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It’s no surprise to see that Elon Musk is getting a flat review for his concept of tunnelling across North America as this article from Fast Company discusses. There is a growing uneasiness of someone trying to solve a problem that never really exists. The aptly named Boring Company plans  a transcontinental tunnel to make personal cars go faster and quicker, so named by transportation writer  Jarrett Walker as “elite projection, the belief among relatively fortunate and influential people who what those people find convenient or attractive is good for the society as a whole.”
When Culver City’s city council heard a 45 minute presentation on the first leg of the tunnel between Hawthorne California to West Los Angeles, it may have dawned on them that this new tunnel proposal replicates Musk’s own personal journey to work from Los Angeles to Hawthorne. “Conceived by Musk in 2016 in an effort to circumvent traffic, Boring Company’s putative purpose is to construct networks of subterranean tunnels in California, Chicago, and the East Coast, through which personal cars and multi-passenger “pods” would travel on electric skates at speeds hovering around 125 to 150 miles per hour, with no stops between origin and destination. Beneath the veneer of its otherworldly grandeur, however, the company has had little to show for itself, investing far more in publicity gambits—namely, its buzzing campaign to sell branded flamethrowers—than in its own blueprint.”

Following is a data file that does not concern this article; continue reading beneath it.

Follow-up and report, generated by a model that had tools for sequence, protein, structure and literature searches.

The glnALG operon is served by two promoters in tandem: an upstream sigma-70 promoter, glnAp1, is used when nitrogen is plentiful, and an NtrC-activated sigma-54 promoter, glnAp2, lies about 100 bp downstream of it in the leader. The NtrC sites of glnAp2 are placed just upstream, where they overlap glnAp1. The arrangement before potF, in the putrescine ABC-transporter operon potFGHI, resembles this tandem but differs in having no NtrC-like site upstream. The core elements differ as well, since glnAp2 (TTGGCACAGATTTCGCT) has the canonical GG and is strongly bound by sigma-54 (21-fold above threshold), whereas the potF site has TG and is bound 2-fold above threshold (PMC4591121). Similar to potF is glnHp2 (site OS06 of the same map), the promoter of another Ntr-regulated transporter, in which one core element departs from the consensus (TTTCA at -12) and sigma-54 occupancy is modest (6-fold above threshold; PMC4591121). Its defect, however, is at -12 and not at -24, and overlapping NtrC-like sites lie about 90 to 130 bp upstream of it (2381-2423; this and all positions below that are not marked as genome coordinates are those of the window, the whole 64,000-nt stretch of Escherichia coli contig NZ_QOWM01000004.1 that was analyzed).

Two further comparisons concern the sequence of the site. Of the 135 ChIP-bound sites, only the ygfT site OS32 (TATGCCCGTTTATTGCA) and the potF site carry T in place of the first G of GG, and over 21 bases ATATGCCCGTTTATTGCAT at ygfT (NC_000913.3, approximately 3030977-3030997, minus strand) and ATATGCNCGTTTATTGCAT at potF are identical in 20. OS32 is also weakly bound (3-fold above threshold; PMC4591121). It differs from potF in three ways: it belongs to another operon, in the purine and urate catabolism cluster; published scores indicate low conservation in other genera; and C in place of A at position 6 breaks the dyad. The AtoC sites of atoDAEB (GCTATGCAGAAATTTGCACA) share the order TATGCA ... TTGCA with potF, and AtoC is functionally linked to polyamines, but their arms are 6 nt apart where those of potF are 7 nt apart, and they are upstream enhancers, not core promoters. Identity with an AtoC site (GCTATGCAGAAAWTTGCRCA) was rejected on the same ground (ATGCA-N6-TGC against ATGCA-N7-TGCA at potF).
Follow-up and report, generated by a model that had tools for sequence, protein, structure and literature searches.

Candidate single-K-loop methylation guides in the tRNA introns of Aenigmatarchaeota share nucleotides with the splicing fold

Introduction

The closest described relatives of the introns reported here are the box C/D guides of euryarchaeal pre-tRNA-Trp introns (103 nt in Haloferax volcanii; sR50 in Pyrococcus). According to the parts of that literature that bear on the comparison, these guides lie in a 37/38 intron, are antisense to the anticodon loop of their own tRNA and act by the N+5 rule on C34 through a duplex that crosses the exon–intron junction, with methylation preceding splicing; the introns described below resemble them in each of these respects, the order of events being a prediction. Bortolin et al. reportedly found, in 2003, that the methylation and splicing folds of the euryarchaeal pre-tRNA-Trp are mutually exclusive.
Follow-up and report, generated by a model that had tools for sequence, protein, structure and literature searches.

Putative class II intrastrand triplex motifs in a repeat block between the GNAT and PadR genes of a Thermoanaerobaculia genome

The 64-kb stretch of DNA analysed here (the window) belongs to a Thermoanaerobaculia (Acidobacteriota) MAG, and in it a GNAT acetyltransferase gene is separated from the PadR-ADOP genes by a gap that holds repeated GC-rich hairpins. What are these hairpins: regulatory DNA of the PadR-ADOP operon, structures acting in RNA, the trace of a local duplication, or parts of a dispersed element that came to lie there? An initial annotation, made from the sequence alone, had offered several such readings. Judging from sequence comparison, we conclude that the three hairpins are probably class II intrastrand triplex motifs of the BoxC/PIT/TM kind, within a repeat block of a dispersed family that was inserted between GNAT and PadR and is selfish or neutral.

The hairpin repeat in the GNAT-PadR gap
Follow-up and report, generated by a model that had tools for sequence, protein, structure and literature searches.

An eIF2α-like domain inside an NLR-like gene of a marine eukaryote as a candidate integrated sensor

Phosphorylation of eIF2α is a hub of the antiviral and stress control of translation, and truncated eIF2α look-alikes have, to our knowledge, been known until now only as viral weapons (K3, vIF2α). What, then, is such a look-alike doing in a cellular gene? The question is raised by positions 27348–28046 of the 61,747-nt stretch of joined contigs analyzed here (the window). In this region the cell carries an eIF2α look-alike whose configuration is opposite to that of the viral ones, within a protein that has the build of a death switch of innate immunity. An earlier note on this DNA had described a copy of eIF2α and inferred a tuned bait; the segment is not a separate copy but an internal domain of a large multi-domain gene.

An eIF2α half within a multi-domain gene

But what is the problem that Musk and his boring tunnel was trying to solve? And why does the Boring company not want any governmental subsidies or public investment? Is it to completely control the “boring ground” space?  “The evidence that the Boring Company will deliver on its central promise of mitigating traffic appears to be sparse. Theoretically, one or more additional layers of roads would reduce the number of cars on surface streets, thereby decongesting them. The company, however, has neglected to address the mechanics of the surface-level points of entry and exit above the tunnel—on-ramps, of sorts, that could far too easily cause jams.”
The way to reduce traffic is to reduce cars on the road, not to offer cars the chance to burrow below where they will still emerge into traffic once they pop up to the surface like prairie gophers. Relieving congestion means moving away from the use of the personal automobile, not  burrowing it. There are also suggestions that this private tunnel network will serve only the wealthy Los Angeles West Side, and include a tiered pricing model. Instead of connecting neighbourhoods that use transportation for shops and services, the Boring tunnel threatens to exclude  the poor neighbourhoods that will have no access to the tunnel. While the Boring Company continues to take up the time on the plan to privatize a car burrow below ground, municipal organizations should consider whether the private car is part of any answer to future smart movement and congestion.
 
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